20 photos of Chicago in the 1950s

Published 2:30 pm Tuesday, July 26, 2022

Three Lions // Getty Images

20 photos of Chicago in the 1950s

The largest city in the Midwest, and the third most populous in the country, Chicago is a beacon of culture and commerce in the nation’s flatlands. In 1950, 3.6 million people—or 2% of the nation’s population—called the Windy City home. Unfortunately, as is the case for many of America’s biggest cities, suburbanization had a decidedly negative effect on it, and by the end of the decade, Chicago was facing a steep decline in population and prosperity.

Toward the end of the 1950s, many of the city’s biggest industries, like meatpacking and steel, began withdrawing from the urban center, searching for cheaper places to set up shop. This meant that many of the related factories shut down, which meant jobs went, money went, and single-family homes—the dream of many Americans—went as well. As a result, wealthier residents, with the means to relocate, left the city, as did their tax dollars. Crime rose and the ability to fight it went down. In the ’60s and ’70s, Chicago wasn’t the nice, family-oriented place it had been in previous decades.

That being said, the early part of the 1950s was a bit of a golden era for Chicago. The economy was thriving, both foreign and domestic immigrants were moving in at a rapid pace, which allowed for a rich and diverse culture, and the city was growing up—literally. New high-rises dotted the skyline regularly.

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It’s hard to describe exactly what life was like in Chicago during the 1950s using words alone, so Giggster combed the historical archives to compile a list of pictures of life in the city during the decade to give you a better idea. From daily activities like eating out to historical events like the 1959 steel strike, these photos are sure to transport you to another time.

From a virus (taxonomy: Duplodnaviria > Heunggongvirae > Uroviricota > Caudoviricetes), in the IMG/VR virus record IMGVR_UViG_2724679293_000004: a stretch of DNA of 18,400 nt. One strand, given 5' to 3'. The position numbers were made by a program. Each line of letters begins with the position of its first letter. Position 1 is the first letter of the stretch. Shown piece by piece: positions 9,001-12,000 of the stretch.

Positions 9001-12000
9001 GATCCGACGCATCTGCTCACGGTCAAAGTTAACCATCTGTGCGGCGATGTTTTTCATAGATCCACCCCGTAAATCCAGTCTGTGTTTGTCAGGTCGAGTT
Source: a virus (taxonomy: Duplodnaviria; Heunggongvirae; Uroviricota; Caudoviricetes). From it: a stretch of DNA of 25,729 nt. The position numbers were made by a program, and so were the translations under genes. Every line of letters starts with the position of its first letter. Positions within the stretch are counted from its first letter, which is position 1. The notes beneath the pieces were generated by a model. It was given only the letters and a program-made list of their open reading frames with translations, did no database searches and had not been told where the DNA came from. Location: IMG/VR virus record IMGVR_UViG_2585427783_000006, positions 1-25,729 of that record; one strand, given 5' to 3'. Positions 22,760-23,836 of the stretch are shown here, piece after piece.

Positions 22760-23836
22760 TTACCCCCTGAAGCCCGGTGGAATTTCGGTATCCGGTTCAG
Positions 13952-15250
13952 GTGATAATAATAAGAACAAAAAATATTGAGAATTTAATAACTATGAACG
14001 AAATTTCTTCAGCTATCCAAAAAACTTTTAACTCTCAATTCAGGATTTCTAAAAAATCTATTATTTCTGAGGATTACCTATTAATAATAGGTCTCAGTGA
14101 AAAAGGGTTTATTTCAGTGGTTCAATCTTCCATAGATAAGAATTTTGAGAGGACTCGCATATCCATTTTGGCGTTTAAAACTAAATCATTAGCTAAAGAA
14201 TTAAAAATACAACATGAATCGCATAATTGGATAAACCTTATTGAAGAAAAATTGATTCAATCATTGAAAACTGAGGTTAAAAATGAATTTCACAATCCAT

View of the Chicago Theatre from State and Lake L station

Chicago History Museum // Getty Images

The Chicago Theater

The first large and lavish movie palace in the country, the Chicago Theater is one of the city’s most notable historical landmarks. In the 1950s, the theater’s owners, facing a downturn in fortunes, covered up much of the building’s original ornate architecture in an attempt to make it look more modern and appealing to audiences.

A worker relaxes with a newspaper at home with wife and four children

Robert Natkin // Getty Images

A Goldblatt’s man at home

A family relaxed in their Chicago apartment. According to the archives, the man worked at Goldblatt’s, a Chicago-based chain of department stores that featured upscale merchandise as well as bargain basements for shoppers of various economic levels.

Chicago street with three young children in front of a wood-sided home and a parked car

Robert Natkin // Getty Images

A workers cottage neighborhood

Three children stand in front of two homes built in the workers cottage style, the original Chicago home style. One of the homes is primarily wood-sided, which likely means it was built before the Great Chicago Fire of 1871.

Rail streetcar on a Chicago street

Universal History Archive // Getty Images

The end of an era

The 1950s marked the end of Chicago’s streetcar era. At one point, the city had the largest streetcar system in the world, but by 1958 the streetcars were gone, replaced by buses; the elevated train system—or better-known as the “L”—and private automobiles.

Car and show signs posted outside of the Regal Theater

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The Regal Theater

A cultural mainstay for Chicago’s Black community, the Regal Theater, located in the Bronzeville neighborhood, was part nightclub, part movie theater, part stage theater, and part music venue. Some of the culture’s biggest stars, from Nat King Cole to Ella Fitzgerald, performed here before it was razed in the early ’70s.

Protesters with dogs and signs about unemployment

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A Chicago-style protest

A group of protesters gathered outside a Chicago hotel to picket against Charles E. Wilson, former secretary of defense, who spoke at a dinner that was held at the hotel. Wilson had previously made disparaging comments about unemployed people.

Children play on and around a pickup truck

Robert Natkin // Getty Images


From the 1920s and into the 1950s, the seven-mile long area from 22nd to 63rd streets between State Street and Cottage Grove Avenue, known as Bronzeville, was the center of Black life in Chicago, and in 1954 it had one of the highest concentrations of Black businesses and culture in the country. Middle- and upper-class families left the area once housing was no longer racially restricted, and the overcrowded and poverty-stricken areas caused a decline of the neighborhood’s living conditions.